In lieu of an abstract, here is a brief excerpt of the content:

Reviewed by:
  • Francophilie et identité tchèque (1848-1914)
  • Míla Šašková-Pierce
Reznikow, Stéphane. Francophilie et identité tchèque (1848-1914). Histoire Culturelle de l’Europe N° 2. Paris: Honoré Champion, 2002. Pp. 754. ISBN2745305964

Francophilie et identité tchèque deals with years that were crucial for the political and cultural reestablishment of the Czech nation, the so called Czech National Renaissance (České národní obrození.) 1848-1918. After 1618, when the Czech Kingdom became a hereditary part of the Austrian Monarchy, and especially after Ferdinand II the Catholic secured in the bloody Thirty-Years-War the Czech throne for the Hapsburgs, Czechs hoped for political and national autonomy. In the beginning of the 19th century, the Czech intellectuals started to ask first for cultural and political rights. After the European Spring of the Nations, in which Czechs took part in the brutally suppressed Prague uprising, the Czech National Renaissance came back in force. One of its aspects was Antigermanism and Francophilia. Francophilie et identité tchèque traces the evolution of the Czech Francophilia through the romantic admiration for French revolutionary ideas and political culture at the end of the eighteen century to the multifaceted relationships on every political and cultural level in the pre-WWi Czech society.

Francophilie et identité tchèque has four parts: Part I (1848-1879; Une inscription occidentale non-allemande; four chapters), Part II (1879-1902; 1848, naissance de la francophilie; two chapters), Part III (1902 – 1914; L 'impuissance du lobby francophile; three chapters) Part IV (Une demande de la civilization française; three chapters), and a conclusion. There then follows a thorough bibliography both of primary documents and secondary works consulted. [End Page 163]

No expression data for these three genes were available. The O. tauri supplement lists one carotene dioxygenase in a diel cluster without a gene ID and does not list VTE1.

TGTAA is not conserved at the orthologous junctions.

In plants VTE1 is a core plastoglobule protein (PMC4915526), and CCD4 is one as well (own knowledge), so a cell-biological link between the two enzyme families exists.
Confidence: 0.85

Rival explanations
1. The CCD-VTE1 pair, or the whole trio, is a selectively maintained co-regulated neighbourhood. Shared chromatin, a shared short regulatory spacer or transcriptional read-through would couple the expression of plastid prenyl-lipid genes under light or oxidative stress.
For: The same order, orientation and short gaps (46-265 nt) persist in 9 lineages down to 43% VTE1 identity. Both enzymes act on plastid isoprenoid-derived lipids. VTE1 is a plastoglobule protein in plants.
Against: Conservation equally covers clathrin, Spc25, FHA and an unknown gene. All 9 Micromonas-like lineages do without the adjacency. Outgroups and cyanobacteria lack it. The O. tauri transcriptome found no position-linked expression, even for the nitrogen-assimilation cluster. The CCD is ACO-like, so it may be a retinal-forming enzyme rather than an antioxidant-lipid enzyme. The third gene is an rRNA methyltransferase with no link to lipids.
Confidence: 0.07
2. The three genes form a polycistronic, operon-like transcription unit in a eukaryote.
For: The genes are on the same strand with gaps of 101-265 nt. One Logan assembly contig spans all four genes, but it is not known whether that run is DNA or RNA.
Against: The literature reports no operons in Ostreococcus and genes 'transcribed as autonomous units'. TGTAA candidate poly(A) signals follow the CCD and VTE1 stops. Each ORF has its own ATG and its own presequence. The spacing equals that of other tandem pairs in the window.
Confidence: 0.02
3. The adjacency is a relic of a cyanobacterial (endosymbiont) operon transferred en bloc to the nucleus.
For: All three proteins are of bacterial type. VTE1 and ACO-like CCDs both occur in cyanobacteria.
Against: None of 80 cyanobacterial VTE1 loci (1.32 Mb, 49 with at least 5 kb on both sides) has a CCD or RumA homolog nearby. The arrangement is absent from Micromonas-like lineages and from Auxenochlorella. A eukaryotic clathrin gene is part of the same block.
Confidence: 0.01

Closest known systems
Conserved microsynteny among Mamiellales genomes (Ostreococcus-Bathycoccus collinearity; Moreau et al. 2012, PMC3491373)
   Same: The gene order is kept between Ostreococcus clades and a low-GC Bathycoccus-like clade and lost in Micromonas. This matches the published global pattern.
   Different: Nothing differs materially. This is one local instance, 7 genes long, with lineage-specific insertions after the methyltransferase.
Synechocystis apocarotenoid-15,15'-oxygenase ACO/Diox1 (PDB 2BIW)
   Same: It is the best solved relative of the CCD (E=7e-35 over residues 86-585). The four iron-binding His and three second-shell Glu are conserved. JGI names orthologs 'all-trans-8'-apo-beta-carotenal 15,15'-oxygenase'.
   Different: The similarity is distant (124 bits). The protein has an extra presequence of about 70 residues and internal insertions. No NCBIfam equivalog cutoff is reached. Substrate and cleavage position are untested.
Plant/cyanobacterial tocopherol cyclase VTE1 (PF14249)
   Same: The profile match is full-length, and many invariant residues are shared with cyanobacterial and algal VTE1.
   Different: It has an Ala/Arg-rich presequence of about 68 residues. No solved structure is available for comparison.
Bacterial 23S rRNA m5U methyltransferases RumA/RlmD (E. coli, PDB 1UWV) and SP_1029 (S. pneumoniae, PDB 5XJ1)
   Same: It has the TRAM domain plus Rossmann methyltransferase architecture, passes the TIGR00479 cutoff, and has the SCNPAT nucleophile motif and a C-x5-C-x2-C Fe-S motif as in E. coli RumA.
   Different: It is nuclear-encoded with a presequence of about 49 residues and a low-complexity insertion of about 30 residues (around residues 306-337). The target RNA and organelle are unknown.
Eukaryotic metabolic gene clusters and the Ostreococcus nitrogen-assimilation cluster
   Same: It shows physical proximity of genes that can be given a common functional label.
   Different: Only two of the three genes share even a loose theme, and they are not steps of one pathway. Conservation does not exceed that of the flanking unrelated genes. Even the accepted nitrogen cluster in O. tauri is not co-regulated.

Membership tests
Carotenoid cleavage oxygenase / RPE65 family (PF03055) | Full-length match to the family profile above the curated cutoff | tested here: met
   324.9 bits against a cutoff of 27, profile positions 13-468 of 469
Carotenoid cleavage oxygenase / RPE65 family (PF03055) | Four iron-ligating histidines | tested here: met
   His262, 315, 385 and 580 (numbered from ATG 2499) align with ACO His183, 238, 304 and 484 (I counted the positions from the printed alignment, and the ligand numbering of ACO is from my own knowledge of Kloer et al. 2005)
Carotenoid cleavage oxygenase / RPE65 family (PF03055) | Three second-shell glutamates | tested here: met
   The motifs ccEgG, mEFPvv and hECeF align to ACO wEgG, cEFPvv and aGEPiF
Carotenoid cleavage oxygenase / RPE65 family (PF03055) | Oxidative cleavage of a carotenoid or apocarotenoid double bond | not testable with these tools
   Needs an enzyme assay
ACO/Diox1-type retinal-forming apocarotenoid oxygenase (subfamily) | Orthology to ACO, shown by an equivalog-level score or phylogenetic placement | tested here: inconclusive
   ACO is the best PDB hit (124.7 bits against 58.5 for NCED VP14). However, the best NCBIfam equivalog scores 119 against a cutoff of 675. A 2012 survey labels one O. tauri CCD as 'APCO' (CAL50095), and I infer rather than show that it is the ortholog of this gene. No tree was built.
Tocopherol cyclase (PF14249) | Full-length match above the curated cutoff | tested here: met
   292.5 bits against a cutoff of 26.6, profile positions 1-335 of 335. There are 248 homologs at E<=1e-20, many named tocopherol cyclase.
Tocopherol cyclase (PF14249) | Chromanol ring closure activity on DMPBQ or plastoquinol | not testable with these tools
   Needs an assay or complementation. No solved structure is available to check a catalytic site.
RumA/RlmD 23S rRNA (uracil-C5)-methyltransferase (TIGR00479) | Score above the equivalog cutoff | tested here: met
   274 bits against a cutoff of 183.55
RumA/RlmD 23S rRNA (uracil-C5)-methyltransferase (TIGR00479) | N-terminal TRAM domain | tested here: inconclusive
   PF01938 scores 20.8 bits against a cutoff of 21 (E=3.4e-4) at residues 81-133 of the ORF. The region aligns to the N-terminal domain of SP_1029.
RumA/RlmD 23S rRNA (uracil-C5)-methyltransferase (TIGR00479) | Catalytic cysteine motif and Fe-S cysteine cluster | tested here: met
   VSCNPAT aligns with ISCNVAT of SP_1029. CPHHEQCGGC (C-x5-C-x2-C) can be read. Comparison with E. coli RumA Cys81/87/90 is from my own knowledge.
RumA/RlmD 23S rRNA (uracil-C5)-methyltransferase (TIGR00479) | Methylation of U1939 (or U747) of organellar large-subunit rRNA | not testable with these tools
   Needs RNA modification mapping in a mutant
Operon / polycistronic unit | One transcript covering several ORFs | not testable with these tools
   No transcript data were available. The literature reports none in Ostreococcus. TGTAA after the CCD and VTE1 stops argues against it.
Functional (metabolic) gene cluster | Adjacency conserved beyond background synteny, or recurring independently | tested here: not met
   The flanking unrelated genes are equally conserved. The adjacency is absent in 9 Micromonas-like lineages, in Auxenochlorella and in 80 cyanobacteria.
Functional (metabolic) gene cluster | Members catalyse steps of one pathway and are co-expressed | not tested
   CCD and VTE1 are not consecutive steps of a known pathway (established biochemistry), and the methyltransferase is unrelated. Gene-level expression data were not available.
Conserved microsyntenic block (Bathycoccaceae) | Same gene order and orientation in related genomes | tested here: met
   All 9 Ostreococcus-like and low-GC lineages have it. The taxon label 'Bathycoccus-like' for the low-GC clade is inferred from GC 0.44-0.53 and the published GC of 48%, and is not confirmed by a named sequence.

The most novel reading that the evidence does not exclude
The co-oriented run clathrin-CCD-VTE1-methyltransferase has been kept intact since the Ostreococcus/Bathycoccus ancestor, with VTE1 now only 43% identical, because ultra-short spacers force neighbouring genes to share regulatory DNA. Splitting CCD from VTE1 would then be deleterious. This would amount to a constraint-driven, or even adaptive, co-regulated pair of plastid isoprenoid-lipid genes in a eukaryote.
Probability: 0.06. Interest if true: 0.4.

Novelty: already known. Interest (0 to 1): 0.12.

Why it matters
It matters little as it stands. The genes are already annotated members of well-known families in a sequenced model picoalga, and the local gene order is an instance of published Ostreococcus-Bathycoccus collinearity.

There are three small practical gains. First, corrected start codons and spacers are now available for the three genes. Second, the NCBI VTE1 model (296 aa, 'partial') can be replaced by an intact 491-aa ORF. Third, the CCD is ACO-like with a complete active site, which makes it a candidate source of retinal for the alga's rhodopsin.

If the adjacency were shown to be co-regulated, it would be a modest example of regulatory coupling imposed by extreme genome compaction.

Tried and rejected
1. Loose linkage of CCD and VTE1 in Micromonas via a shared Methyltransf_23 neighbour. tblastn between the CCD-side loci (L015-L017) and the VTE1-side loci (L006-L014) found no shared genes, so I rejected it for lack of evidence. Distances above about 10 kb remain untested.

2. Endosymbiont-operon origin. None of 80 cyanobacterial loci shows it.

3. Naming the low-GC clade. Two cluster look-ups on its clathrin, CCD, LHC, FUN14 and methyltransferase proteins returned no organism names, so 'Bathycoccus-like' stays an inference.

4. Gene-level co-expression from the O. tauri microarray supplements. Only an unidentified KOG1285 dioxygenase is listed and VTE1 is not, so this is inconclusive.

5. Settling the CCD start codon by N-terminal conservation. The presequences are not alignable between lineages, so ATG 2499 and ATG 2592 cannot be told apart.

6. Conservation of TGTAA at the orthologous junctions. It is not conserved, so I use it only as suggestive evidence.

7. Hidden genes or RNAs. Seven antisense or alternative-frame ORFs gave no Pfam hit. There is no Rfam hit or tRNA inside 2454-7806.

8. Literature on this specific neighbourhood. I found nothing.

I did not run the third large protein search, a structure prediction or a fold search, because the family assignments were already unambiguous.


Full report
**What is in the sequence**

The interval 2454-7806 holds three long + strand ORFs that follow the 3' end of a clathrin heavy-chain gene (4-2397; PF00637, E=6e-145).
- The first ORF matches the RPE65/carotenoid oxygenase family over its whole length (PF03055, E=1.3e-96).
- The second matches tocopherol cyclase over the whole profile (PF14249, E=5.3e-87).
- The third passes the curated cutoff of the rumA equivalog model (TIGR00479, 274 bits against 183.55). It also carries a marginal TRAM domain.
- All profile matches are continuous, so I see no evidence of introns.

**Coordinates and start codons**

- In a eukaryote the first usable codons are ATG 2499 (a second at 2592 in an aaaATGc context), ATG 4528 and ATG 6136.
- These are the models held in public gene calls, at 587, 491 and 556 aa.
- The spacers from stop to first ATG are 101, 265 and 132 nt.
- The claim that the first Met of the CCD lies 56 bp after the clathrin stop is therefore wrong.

For the French side of Czech French relations, the author studied an impressive number of documents in the Archives du Ministère des affaires étrangères in Paris, the diplomatic archives in Nantes, and the Municipal Archives in Paris. The Czech primary sources consulted were those of the Náprstek Museum (Czech emigration and Czechs abroad), the Prague Municipal Archives, and the Archives of the Czech Literary Museum, the National Museum, the State Central Archives and the Archives of Charles University, all in Prague. In addition the archives of the town of Jičín (Instruction of French in Czech schools and Alliance Française in the Czech Lands) and the Jesuit Archives in Rome were consulted. The secondary works cited are those of Czech and French political and cultural personalities, of first and second and even third order. In addition, there is an important bibliography of almost 200 press articles that span the period under study. This bibliography constitutes an important resource for any student of this formative period in the Czech nation's history.

The Czech and Slovak national revival movements have been the subject of many Czech studies, often encompassing a wide spectrum of political agendas. However, the French role was in need of study, especially since there is a paucity of the French assessment of the Czech National Renaissance. This book under review, therefore, constitutes a welcome addition to the field of modern Czech history.

Francophilie et identité tchèque outlines step by step how from the 1848 Spring of Nations to 1918, the year of Czechoslovak national independence, Czechs turned to France in their search for political and cultural support. In its beginnings Czech Francophilia was defined primarily as a counterpart to the Germanophobia of the Czech nationalism, however over the second-half of the 19th century France became the ideological and cultural inspiration for the Czechs. The ideals of democratic equality as expressed by the French political philosophy were yearned for by the Czechs. The nascent Czech modern literature wanted to shake off the role of an epigone of the German and Austrian literary movements. Of course, Czechs were not alone in their admiration of France; paradoxically they followed the German fascination with French writers and philosophers. From 1848 on French influence became a constant in the Czech culture. Czechs feared the emerging political Pangermanism, since the Czech Kingdom had been one of the Holy German Empire Electors and for a long time on the list for annexation to...


Additional Information

Print ISSN
pp. 163-166
Launched on MUSE
Open Access
Back To Top

This website uses cookies to ensure you get the best experience on our website. Without cookies your experience may not be seamless.